17 Neither statute articulates a public policy goal to satisfy Burk. In addition, the statutes provide specific remedies for persons harmed by violations of the Acts. Here, Appellant''s argument also fails part 5 of the Burk test, as a statutory remedy exists that is adequate to protect customers from bad merchants. Vasek, 2008 OK 35, 14, 186 P.3d at 932. Both the OHRFA and the OCPA provide specific circumstances that qualify for violations against individual consumers and are remedied with civil actions or criminal indictment - on the consumer''s behalf - by the Attorney General or district attorneys. 15 O.S. 757-63. Both Acts also, crucially, provide for a private right of action or damages by a wronged customer against the merchant. 15 O.S. 761.1. And these remedies reflect the individual, economic nature of the injuries. The Legislature is focused on the harm to the consumer, not an employer/employee relationship. Decisions concerning the creation or abolishment of public policy causes of action are within the judgment of the Legislature. Torres v. Seaboard Foods, LLC, 2016 OK 20, 35, 373 P.3d 1057, 1075. If a sufficient statutory remedy is available to right the harm to the public, then a Burk tort is not available in the district court. Southon v. Okla. Tire Recyclers, LLC, 2019 OK 37, 18, 443 P.3d 566, 573.

18 Here, the internal reporting of a possible customer overcharge could be resolved by the filing of a cause of action to rectify the practice and payments to any victims. The Appellant''s internal reporting of what he believes was fraudulent did nothing to protect a specific customer. Appellant argues that he was protecting all potential future customers from any illegal practice, but that argument does not help him reach the public policy exception. Even if 100 or 1000 customers were potentially harmed, the statutes are not in place to create a public policy against protecting the public in general from overcharge.

19 The OHRFA and the OCPA protect specific individual consumers against fraud with criminal and civil remedies for those individual victims. The Court will not expand our public policy exceptions to include protection from economic harm. Without a clear mandate from the Legislature, the Acts do not qualify as an established public policy.

CERTIFIED QUESTION ANSWERED

CONCUR: DARBY, C.J., KANE, V.C.J., WINCHESTER, EDMONDSON, COMBS, GURICH, ROWE and KUEHN, JJ.

CONCUR IN PART and DISSENT IN PART: KAUGER, J.

FOOTNOTES

1 The question certified by the United States Court of Appeals for the Tenth Circuit was:

Does the Oklahoma Home Repair Fraud Act, 15 O.S. 765.3, or the Oklahoma Consumer Protection Act, 15 O.S. 753 (15), (20), articulate a clear mandate of Oklahoma public policy such that an employer who terminates an employee for internally reporting the employer''s violations of the statutes is liable for wrongful termination under Burk v. K-Mart Corporation, 770 P.2d 24 (Okla. 1989)?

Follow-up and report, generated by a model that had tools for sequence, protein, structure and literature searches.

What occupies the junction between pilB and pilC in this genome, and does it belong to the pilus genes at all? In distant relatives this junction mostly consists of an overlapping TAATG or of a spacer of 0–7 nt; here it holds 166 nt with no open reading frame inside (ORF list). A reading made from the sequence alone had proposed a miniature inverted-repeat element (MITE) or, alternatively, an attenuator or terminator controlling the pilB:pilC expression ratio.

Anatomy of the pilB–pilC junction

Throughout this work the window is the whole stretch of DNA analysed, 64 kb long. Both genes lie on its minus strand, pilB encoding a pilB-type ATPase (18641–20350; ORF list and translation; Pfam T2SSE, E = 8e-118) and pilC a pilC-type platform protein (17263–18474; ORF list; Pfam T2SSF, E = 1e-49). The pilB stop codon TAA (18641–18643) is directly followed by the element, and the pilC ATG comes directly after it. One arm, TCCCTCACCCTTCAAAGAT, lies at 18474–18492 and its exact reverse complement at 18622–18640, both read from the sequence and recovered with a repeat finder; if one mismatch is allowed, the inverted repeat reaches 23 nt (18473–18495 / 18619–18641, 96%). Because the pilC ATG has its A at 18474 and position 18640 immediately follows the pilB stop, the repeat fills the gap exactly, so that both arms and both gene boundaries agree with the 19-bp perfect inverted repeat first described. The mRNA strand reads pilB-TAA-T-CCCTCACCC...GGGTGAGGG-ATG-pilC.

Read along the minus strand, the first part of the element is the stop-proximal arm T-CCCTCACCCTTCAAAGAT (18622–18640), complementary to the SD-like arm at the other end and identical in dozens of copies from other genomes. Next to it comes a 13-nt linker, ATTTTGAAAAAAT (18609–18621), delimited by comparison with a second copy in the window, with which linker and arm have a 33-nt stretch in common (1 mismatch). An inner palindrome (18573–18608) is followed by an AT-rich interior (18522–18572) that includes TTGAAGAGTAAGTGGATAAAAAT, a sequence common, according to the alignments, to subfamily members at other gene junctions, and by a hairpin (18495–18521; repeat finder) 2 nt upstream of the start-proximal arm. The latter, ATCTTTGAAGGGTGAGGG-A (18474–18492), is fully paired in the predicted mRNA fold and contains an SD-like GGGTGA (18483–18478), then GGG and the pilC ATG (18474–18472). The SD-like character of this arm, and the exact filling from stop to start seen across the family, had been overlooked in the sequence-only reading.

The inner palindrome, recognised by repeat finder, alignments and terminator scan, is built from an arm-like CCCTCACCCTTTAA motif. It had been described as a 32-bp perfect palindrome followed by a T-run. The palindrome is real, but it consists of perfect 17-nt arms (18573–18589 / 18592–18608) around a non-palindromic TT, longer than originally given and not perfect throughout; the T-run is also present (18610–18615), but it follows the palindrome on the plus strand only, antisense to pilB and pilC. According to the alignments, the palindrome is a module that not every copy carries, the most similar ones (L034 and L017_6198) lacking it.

The question was reformulated by this Court to answer the broader legal question on public policy, which is dispositive of the more factual question certified by the Appeals Court.

2 "Acts constituting fraud: A person commits the offense of home repair fraud if the person knowingly or with reason to know:

1. enters into a consumer transaction for home repair and knowingly or with reason to know:
a. misrepresents a material fact relating to the terms of the consumer transaction or the preexisting or existing condition of any portion of the property involved, or creates or confirms an impression of the consumer which is false and which the violator does not believe to be true, or promises performance which the violator does not intend to perform or knows will not be performed; or
b. uses or employs any deception, false pretense or false promises in order to induce, encourage or solicit such consumer to enter into any consumer transaction; or
c. requires payment for the home repair at a price which unreasonably exceeds the value of the services and materials needed for the home repair;
2. damages the property of a person with the intent to enter into a consumer transaction for home repair; or
3. misrepresents himself or another to be an employee or agent of any unit of the federal, state, county, or municipal government, or an employee or agent of any public utility, with the intent to cause a person to enter into, with himself or another, any consumer transaction for home repair."
15 O.S. 765.3.

3 "A person engages in a practice which is declared to be unlawful under the Oklahoma Consumer Protection Act when, in the course of the person''s business, the person:

...

15. Falsely states, knowingly or with reason to know, that services, replacements or repairs are needed...

20. Commits an unfair or deceptive trade practice as defined in Section 752 of this title..."

15 O.S. 753 (15), (20).

4 The Court does not presume facts outside those offered by the certification order. Siloam Springs Hotel, LLC v. Century Surety Co., 2017 OK 14, 2, 392 P.3d 262, 263; Howard v. Zimmer, Inc., 2013 OK 17, n.5, 299 P.3d 463, 465; In re Harris, 2002 OK 35, 4 n.5, 49 P.3d 710, 713.

5 In Hayes, the fired employee argued that his reporting of another employee''s fraud on the employer constituted a violation of public policy. Id. 20, 905 P.2d at 785. The Court held, if the report of fraud was made to internal supervisors or the police, the actions of reporting a crime were not automatically established public policy. Id. 27, 905 P.2d at 788. The Hayes Court held that the fraud reported by the employee affected the private and proprietary rights of the employer, not the general public, and therefore no Burk exception was created by the statute.